With the RC concepts, Peugeot aimed to show that diesel was just as desirable as petrol
Whereas many show cars are little more than mock ups designed to last just a week or two under the glare of the spotlights, some have to earn their keep. The two RC concepts built by Peugeot in 2002 were definitely in the latter category, as not only were they runners, but they were handed over to various journalists from around the world, to be put through their paces.
Designed by Peugeot’s Nicolas Brissoneau, the two concepts were named the RC Spades and the RC Diamonds, with both cars being essentially the same with the exception of their motive power. Whereas the RC Spades was painted black and packed a 2.0-litre petrol engine, the RC Diamonds was painted red and featured a 2.2-litre diesel powerplant.
The purpose of the RC concepts was to create a sporting 2+2 coupé, while also challenging the thinking that it was unacceptable to use an oil-burning engine for a car whose main point was driving pleasure. That was why there were two concepts built – direct comparisons could be made between them, proving for once and for all that the diesel-engined car was no longer the poor relation.
Driving pleasure was the key to these cars, and although they were described as being 2+2s (so perhaps a little too compromised in the eyes of some) each of them also featured a mid-mounted engine. That gave them an excellent weight distribution and hence very neutral handling. Light weight also played its part in making the RC concepts fun to drive, and to help achieve this the cars’ structures were made of carbon impregnated directly on to honeycomb panels, which were then formed and baked in an autoclave. Although a roll cage was incorporated into the structure, by using this solution to build the bodyshells they were already incredibly strong while also being very light.
The design itself was recognisably Peugeot, with the teardrop-shaped headlights being reminiscent of the company’s production cars as well as many of its previous concepts. In profile and from the rear there wasn’t such a strong Peugeot identity, but that didn’t matter because the cars looked all the better for it. Trying to fit in four seats and a mid-mounted engine meant the passenger cell had to be pretty far forward, which is why practicality didn’t feature very high on the concepts’ list of priorities; that bodywork in front of the windscreen was given over more to crash protection than luggage space.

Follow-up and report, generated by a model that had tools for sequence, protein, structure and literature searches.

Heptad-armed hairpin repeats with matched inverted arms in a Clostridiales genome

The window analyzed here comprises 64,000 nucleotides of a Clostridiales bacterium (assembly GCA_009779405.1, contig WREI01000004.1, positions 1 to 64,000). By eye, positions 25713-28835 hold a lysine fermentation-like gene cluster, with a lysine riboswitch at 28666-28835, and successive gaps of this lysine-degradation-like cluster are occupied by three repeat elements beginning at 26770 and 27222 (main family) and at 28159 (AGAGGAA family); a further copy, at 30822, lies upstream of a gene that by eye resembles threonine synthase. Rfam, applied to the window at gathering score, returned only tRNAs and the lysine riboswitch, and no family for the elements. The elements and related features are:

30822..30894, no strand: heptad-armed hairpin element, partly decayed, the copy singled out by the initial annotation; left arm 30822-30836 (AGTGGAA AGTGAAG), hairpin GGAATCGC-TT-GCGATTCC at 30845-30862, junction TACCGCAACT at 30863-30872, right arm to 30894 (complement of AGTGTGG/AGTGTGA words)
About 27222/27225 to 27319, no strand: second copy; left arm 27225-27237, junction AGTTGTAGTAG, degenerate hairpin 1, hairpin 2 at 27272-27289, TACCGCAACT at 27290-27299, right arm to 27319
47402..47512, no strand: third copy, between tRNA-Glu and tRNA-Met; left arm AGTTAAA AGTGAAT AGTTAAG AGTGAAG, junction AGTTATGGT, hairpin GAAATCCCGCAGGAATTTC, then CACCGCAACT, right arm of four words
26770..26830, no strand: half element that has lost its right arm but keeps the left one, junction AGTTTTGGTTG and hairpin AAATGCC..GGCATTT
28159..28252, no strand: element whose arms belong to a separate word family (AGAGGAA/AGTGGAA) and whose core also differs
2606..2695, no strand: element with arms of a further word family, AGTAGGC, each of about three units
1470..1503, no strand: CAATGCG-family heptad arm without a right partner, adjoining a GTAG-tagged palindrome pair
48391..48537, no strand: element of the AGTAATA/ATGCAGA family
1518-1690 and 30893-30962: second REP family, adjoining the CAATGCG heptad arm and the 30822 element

The strangely kinked A-pillar allowed for an especially panoramic windscreen and to eliminate the potentially unreliable (and space wasting) conventionally linked wiper arms, each arm was fitted with its own electric motor. Synchronised electronically, each arm was also fitted with a rain sensor so that they could be switched to come on automatically when it started to rain.
The cabins were pretty straightforward, with little in the way of clutter although there was a very prominent console running the length of the cabin. Red and black leather covered most surfaces while aluminium and stainless steel detailing offered some welcome highlights.
Both cars were equipped with a six-speed sequential manual gearbox which also offered an automatic mode, and as far as the suspension, steering and brakes were concerned they were identical. That meant double wishbones were fitted front and rear, suspending ten-spoke 18-inch magnesium alloy wheels wrapped in 245/45 R18 Michelin Sport tyres. The RC Spades packed a 1997cc petrol engine, which developed 178bhp and 149lb ft of torque. This was an in-line four cylinder unit with twin overhead camshafts and 16 valves; just the same as the unit in the RC Diamonds. But this latter engine was fed on a diet of diesel, and with its 2168cc turbocharged displacement it was able to generate 173bhp and 295lb ft of torque, so it was anything but the poor relation next to the RC Spades.
|Engine||Mid-mounted, 2168cc, diesel 4-cylinder|
|Transmission||6-speed manual, rear-wheel drive|
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